Body Disposal Options
Burial and cremation are the most commonly used options for final disposition freedom, but other choices may be right for you. Your personal preferences and cultural traditions can help you make a decision, but ultimately your funeral professional will be the one to guide you through each option.
Green burial is an option that many people choose to honor their ancestors and support the environment, as well as preserve natural resources. It requires less energy than cremation and uses biodegradable containers that are designed to reduce the amount of waste produced.
Termination is another popular alternative to cremation and is considered the best option for those who want to preserve their bodies while respecting the environment. Unlike traditional cremation, termination enables the body to decompose naturally, which removes toxins and heavy metals from the soil. It also enables a deceased to become part of the landscape and can serve as a memorial site or a place for the family to plant a tree.
Columbariums and urn storage are other alternatives to cemetery burial that allow your ashes to be preserved. These are areas within cemeteries that are designed to house cinerary urns and may be rented for a fee.
Full body donation is another type of body disposition that eliminates your funeral expenses. Currently, there are over 65 medical schools that accept anatomical donations, and you can find a list of those in your area online.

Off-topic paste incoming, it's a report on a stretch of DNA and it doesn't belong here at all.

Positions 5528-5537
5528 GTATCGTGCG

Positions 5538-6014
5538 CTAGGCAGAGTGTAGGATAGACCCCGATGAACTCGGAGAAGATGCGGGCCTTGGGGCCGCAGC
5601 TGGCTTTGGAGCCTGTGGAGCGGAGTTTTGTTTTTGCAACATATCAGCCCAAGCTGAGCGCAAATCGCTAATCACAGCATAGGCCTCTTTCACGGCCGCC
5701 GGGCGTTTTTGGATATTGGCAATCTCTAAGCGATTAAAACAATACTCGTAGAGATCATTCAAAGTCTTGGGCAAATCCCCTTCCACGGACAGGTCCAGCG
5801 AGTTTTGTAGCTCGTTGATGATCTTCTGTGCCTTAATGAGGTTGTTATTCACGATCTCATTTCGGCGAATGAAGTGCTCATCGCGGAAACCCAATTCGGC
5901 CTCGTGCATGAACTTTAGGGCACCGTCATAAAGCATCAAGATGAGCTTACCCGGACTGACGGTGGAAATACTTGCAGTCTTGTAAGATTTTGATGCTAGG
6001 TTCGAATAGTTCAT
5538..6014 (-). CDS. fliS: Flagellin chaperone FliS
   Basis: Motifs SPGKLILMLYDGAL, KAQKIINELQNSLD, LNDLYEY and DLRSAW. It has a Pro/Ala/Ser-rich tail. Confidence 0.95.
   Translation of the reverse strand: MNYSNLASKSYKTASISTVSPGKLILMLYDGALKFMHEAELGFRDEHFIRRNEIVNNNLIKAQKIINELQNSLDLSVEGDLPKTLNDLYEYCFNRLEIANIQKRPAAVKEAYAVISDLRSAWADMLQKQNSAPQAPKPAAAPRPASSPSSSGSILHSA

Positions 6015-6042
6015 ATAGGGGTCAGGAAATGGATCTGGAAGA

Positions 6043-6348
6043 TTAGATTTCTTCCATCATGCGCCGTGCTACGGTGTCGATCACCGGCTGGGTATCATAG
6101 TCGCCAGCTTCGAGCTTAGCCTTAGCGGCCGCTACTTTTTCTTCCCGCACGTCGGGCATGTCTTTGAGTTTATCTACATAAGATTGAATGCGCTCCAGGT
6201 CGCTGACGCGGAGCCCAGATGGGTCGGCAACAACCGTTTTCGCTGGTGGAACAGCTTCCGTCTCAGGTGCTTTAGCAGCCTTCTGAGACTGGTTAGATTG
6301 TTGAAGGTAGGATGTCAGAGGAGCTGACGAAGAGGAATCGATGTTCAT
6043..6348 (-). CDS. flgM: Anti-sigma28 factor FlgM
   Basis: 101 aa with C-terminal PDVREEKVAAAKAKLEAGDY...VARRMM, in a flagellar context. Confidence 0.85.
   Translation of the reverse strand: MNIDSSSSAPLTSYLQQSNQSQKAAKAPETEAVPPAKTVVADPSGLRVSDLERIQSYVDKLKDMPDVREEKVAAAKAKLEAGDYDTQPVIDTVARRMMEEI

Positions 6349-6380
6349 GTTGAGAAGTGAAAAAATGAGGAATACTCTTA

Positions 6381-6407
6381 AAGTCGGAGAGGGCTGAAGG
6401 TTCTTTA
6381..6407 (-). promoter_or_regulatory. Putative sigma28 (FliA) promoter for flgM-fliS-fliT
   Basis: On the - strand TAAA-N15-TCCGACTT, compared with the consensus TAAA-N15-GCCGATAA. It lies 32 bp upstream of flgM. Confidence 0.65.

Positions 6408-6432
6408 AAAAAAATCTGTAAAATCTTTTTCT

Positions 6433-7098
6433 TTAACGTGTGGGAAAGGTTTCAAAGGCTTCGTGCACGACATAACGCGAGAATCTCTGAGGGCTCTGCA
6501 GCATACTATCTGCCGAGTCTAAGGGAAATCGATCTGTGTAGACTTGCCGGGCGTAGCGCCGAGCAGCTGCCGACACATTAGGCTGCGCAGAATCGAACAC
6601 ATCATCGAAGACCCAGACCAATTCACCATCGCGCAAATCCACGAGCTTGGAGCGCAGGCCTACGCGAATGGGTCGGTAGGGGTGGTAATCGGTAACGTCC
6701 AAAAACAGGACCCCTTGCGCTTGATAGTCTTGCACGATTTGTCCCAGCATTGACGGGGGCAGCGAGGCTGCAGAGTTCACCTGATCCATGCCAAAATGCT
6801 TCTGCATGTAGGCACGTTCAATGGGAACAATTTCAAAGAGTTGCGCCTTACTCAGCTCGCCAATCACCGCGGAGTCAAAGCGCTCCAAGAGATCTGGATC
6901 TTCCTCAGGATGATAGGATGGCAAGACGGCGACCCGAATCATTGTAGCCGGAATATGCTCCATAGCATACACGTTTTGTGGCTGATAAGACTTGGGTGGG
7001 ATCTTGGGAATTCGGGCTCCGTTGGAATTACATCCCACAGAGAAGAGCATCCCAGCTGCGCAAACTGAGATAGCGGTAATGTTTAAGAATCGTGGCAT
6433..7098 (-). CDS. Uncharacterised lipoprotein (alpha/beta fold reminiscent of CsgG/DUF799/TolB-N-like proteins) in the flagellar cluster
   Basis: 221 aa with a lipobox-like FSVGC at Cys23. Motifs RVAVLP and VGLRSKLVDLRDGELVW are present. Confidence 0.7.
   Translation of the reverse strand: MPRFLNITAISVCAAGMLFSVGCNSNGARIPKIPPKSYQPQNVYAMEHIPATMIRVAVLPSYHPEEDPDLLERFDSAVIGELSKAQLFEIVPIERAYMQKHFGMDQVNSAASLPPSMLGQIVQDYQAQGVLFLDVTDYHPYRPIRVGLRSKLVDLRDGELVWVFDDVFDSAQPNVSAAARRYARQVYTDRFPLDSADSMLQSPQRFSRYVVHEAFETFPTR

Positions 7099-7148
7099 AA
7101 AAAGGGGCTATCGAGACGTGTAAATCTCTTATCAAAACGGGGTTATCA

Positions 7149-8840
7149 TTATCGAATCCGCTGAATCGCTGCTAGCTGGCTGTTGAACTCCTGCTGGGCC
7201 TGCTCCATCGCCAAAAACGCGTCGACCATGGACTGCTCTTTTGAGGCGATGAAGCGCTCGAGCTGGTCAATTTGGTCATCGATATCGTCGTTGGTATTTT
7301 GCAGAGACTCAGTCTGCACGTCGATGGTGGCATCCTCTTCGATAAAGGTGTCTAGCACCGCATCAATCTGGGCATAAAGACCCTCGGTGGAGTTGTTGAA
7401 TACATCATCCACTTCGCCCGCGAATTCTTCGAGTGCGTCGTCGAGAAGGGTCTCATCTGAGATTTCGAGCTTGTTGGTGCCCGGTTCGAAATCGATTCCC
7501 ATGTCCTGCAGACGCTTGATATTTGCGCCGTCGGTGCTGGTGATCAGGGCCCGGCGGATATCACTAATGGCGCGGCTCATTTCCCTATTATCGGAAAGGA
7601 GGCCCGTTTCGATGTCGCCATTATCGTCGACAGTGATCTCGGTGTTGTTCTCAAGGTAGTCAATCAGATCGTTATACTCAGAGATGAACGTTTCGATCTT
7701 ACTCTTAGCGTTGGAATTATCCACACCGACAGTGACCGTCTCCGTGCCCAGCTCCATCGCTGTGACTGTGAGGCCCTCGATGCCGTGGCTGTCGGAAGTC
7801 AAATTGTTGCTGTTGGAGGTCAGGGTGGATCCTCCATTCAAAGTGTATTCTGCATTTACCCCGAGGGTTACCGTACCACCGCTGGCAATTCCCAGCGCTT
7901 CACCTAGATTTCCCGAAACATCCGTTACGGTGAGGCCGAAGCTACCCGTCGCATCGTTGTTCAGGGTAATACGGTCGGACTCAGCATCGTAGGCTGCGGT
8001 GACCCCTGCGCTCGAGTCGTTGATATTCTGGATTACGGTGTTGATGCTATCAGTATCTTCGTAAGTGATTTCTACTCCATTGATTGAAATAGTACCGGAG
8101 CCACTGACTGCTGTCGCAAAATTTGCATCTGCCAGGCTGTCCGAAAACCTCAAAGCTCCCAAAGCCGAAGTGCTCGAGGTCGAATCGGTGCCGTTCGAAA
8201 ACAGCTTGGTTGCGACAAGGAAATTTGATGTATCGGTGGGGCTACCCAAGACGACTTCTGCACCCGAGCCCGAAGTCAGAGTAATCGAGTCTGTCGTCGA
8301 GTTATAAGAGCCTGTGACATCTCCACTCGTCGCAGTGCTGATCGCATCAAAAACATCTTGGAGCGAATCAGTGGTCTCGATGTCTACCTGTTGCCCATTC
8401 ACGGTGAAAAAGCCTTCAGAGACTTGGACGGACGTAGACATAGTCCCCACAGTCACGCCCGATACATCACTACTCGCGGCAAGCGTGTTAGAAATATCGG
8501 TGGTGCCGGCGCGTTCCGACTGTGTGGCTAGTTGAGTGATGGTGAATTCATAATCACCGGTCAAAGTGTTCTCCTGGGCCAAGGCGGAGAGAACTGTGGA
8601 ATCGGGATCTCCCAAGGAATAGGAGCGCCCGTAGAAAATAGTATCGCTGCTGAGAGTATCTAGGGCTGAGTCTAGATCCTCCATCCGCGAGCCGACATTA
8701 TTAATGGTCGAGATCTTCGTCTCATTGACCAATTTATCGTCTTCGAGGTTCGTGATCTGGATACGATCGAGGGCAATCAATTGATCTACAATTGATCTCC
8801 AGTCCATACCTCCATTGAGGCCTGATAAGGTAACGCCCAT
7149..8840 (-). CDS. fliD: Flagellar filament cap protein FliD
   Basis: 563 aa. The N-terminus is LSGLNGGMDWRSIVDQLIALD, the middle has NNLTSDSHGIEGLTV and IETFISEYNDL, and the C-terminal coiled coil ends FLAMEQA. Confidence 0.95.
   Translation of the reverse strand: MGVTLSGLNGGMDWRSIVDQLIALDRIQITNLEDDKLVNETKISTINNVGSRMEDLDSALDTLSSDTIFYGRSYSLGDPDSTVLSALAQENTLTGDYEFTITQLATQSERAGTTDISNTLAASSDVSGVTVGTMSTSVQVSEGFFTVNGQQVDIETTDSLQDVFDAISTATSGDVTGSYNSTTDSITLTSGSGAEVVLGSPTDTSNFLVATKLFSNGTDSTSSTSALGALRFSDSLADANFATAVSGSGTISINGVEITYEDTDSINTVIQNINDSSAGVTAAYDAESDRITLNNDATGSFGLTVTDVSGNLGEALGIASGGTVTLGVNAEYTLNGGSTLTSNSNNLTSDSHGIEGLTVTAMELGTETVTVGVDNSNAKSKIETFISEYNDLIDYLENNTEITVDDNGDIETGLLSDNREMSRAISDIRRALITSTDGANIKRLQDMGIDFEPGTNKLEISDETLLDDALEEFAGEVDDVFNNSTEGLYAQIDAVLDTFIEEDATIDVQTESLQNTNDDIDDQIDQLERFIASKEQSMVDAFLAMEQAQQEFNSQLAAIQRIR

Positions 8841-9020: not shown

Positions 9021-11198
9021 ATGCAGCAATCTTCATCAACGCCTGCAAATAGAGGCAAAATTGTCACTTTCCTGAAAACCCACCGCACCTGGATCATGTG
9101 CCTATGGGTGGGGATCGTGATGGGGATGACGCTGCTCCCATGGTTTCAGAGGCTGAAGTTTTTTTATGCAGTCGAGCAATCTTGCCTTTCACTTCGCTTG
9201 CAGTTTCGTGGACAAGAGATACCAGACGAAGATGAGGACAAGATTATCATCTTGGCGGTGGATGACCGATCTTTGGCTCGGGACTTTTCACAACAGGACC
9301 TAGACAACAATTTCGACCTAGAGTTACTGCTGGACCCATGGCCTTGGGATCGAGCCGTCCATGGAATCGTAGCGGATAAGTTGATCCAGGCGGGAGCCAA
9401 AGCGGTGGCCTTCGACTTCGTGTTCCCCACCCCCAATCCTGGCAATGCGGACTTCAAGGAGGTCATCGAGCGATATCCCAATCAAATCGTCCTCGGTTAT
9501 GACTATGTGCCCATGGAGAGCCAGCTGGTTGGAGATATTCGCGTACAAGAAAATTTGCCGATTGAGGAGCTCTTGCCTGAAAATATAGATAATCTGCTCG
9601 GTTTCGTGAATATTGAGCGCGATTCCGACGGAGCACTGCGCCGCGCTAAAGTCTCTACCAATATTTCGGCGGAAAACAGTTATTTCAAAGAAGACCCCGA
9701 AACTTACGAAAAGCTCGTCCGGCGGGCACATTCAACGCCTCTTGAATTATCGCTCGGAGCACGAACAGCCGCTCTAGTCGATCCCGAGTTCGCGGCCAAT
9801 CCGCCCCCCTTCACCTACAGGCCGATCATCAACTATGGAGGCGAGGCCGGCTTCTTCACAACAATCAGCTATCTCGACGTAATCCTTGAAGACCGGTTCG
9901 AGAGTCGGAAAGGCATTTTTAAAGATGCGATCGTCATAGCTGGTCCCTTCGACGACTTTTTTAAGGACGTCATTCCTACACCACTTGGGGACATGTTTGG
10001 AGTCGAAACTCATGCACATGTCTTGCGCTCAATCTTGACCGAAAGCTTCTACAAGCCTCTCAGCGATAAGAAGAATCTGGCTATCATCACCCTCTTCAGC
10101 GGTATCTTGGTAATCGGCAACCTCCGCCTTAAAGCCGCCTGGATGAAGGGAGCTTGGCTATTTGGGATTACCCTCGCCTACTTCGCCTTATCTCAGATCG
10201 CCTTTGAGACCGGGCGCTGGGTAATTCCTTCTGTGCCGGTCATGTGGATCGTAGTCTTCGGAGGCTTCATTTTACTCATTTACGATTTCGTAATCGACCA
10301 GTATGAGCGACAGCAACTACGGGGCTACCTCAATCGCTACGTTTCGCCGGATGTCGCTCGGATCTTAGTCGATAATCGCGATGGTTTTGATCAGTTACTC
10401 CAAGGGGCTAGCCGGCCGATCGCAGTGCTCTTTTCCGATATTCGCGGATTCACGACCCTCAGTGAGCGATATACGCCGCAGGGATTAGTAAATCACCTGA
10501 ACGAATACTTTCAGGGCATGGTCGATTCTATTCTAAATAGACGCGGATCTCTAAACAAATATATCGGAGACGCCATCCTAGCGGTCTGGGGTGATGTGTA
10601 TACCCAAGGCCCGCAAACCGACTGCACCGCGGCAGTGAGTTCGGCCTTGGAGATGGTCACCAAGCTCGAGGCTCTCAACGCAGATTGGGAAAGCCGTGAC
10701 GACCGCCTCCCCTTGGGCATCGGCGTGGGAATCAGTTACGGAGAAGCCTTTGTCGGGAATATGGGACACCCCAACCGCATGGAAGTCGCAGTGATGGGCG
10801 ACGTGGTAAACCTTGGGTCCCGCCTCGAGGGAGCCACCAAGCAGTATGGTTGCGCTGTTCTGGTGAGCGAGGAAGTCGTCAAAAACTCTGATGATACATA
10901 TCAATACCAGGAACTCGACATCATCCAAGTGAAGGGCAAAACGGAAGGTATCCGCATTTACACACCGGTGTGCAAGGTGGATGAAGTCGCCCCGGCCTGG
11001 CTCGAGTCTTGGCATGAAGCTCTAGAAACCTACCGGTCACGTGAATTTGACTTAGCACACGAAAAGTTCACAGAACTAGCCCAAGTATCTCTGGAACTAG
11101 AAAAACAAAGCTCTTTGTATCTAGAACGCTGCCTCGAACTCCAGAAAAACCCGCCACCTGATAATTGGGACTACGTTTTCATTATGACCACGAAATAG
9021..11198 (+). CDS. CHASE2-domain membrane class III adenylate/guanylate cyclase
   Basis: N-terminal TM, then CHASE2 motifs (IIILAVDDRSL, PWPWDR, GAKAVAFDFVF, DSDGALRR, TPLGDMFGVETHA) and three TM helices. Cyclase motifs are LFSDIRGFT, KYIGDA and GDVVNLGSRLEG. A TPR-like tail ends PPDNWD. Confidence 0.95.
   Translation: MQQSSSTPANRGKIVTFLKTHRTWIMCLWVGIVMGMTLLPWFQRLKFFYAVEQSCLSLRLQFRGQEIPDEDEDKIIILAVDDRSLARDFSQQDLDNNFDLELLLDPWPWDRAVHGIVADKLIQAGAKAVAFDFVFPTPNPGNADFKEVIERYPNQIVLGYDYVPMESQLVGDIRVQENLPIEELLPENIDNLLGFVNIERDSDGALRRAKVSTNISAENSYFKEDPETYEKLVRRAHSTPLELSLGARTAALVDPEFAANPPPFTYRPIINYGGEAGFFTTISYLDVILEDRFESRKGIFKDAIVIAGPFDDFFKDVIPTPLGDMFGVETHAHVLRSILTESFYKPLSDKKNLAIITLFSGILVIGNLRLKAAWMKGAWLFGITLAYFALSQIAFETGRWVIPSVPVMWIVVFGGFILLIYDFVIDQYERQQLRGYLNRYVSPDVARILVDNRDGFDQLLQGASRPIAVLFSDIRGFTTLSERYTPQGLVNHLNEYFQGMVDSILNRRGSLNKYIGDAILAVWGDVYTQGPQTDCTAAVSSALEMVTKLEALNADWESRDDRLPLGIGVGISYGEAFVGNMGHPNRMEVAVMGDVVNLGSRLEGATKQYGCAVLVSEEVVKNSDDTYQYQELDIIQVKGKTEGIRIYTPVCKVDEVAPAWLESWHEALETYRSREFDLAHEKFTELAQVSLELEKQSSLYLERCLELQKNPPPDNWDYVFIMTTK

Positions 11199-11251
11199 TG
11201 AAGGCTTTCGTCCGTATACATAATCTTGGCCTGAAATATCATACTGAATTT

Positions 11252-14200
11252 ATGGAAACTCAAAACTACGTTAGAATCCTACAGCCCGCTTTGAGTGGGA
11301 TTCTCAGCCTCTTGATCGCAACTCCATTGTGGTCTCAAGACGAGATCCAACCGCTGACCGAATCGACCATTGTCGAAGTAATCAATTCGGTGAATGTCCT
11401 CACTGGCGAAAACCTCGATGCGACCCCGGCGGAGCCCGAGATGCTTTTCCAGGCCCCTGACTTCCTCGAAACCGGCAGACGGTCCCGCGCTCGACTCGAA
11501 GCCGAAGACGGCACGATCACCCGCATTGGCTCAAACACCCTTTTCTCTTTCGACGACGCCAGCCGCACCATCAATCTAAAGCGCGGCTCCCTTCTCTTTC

Donating your body to science can be an act of selfless love and compassion, and it may lead to important research breakthroughs that benefit the community. Contact the medical school you wish to donate your body to well in advance of your death and ask for more information about their specific procedures.
Cryonics is a process that freezes your body with liquid nitrogen to slow its decomposition, which may prolong your life. It is still in the development stage and may not be legal in all states, so speak with your funeral director about whether or not it is the best option for you.
Permission is a newer form of body disposition, but it has the potential to be even more eco-friendly than cryonics. It involves freezing a body with liquid nitrogen, then using sublimation to turn the frozen body into a powder. Click here for some body disposition options.
Water cremation is a more age-old option that has recently become available in the United States, but it is not widely adopted because it requires a large amount of space and costs significantly more than other methods. It is an environmentally friendly way to dispose of your body, and it has the added benefit of speeding up the process of natural decomposition by 20 years or more.
If you have a passion for helping the environment, you can also donate your ashes to an organization that aids coral reefs. It is an important habitat that is quickly disappearing, and this is an easy way to honor your deceased loved one while also doing your part for the planet. Check out this related post to get more enlightened on the topic: https://en.wikipedia.org/wiki/Disposition.